On the eve of his death, U.S. Ambassador J. Christopher Stevens was ebullient as he returned for the first time in his new role to Benghazi...

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On the eve of his death, U.S. Ambassador J. Christopher Stevens was ebullient as he returned for the first time in his new role to Benghazi, the eastern Libyan city that embraced him as a savior during last year’s civil war.

But as Stevens met with Benghazi civic leaders, U.S. officials appear to have underestimated the threat facing the ambassador and other Americans.

They had not reinforced the U.S. mission to meet strict safety standards for government buildings overseas. Nor had they posted a U.S. Marine detachment, as at other missions in high-threat regions.

Instead, a small local guard force was hired by a British private-security firm as part of a contract worth less than half of what it costs to deploy a single U.S. soldier in Afghanistan for a year.

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The U.S. mission consisting of two compounds in which Stevens and three other Americans were killed Sept. 11 proved to be strikingly vulnerable in an era of barricaded embassies and multibillion security contracts in conflict zones.

Days before the ambassador’s visit, a Libyan security official had warned a U.S. diplomat that foreigners should keep a low profile in Benghazi. Other Westerners had fled and the British had closed their consulate.

Despite the warning, Stevens traveled to Benghazi to meet openly with local leaders. Eager to establish a diplomatic presence in the cradle of the rebellion against Moammar Gadhafi, the ousted leader, U.S. officials appear to have overlooked the signs that militancy was on the rise.

The attack marked the first violent death of a serving ambassador in a generation and has become a thorn in President Obama’s re-election bid. It also raised the prospect that a country U.S. officials assumed would become a staunch ally could turn into a haven for Islamic fundamentalists.

U.S. officials investigating the assault say their preliminary assessment indicates that members of Ansar al-Shariah, a fundamentalist Muslim group with deep roots in Benghazi, carried out the attack with the help of a few militants linked to al-Qaida’s offshoot in Africa.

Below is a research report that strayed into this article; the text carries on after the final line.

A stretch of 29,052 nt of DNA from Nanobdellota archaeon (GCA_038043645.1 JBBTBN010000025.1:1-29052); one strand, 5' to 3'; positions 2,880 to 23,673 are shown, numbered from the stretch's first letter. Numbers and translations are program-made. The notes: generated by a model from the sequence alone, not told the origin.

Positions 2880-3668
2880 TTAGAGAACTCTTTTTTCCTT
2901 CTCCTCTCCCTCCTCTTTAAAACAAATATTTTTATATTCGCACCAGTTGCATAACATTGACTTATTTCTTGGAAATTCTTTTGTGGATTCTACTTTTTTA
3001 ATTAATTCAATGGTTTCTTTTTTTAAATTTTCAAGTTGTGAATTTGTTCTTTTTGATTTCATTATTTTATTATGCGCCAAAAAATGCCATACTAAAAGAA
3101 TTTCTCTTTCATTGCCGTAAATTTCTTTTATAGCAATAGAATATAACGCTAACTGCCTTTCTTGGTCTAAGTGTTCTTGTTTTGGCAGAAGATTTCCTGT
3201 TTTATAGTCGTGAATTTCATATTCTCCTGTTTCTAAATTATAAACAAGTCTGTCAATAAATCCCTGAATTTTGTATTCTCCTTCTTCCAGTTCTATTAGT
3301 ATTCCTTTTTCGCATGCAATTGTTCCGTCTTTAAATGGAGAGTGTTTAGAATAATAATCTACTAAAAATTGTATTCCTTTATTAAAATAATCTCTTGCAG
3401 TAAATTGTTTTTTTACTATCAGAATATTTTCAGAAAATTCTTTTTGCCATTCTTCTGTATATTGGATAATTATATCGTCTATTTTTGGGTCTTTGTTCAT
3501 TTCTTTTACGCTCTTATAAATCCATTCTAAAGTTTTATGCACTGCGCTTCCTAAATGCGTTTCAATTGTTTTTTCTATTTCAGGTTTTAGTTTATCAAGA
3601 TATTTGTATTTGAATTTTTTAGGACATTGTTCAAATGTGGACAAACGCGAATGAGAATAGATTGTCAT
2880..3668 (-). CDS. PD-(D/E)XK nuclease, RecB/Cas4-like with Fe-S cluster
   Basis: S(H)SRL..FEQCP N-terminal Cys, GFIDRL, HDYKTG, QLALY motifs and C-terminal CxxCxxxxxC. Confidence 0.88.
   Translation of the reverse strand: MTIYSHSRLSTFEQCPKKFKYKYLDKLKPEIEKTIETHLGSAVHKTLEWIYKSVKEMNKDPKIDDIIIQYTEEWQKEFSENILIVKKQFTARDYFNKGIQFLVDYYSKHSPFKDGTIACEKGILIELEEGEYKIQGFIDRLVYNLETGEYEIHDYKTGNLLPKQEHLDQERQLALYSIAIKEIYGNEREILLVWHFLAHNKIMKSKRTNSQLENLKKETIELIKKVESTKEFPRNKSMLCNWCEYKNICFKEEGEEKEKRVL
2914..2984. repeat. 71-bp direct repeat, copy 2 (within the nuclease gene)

When bullets and rocket-propelled grenades started raining on the main U.S. compound, the small guard force was quickly overrun and the building was set ablaze. That image, along with the now iconic photo of a dying Stevens being dragged by Libyans toward safety, could have hardly been further from the message Stevens had traveled to Benghazi to spread: America was there to stay.

Sean Smith, 34, an information-management officer, also died in the attack on the main compound.

A group of Americans escaped to a second compound about a mile away, according to a senior Libyan official and others with knowledge of the attack. Two former Navy SEALs working as private security contractors were killed in firefight there.

Once a nuclear threat and avowed nemesis of the West, oil-rich Libya appeared poised to become an ally in a region seething with anti-U.S. sentiment. After all, NATO airstrikes had helped save Benghazi and turn the tide against Gaddafi’s forces. Stevens was transfixed by the possibilities.

The Benghazi mission was an anomaly for U.S. diplomatic posts. It was not a formal consulate, but rather a liaison office established before Gadhafi’s ouster.

Instead of signing a costly security contract similar to those the government has for missions in Iraq and Afghanistan, the State Department this summer awarded a contract to Blue Mountain, a small British security firm, to provide local guards at the Benghazi mission. The yearlong contract, which took effect in March, was worth $387,413, a minuscule sum for war-zone contracting. Blue Mountain and the State Department declined to comment.

Three days before the attack, a U.S. official in Benghazi met with security leaders to ask them about the threat level, a senior Libyan official in the east said, speaking on condition of anonymity.

The American did not disclose the ambassador’s visit.

“They told him: ‘Look, if there’s going to be any foreign presence (in the city), it better be discreet,’ ” the Libyan official said.

Last week, the U.S. Embassy in Tripoli evacuated nonessential staff, citing security risks.

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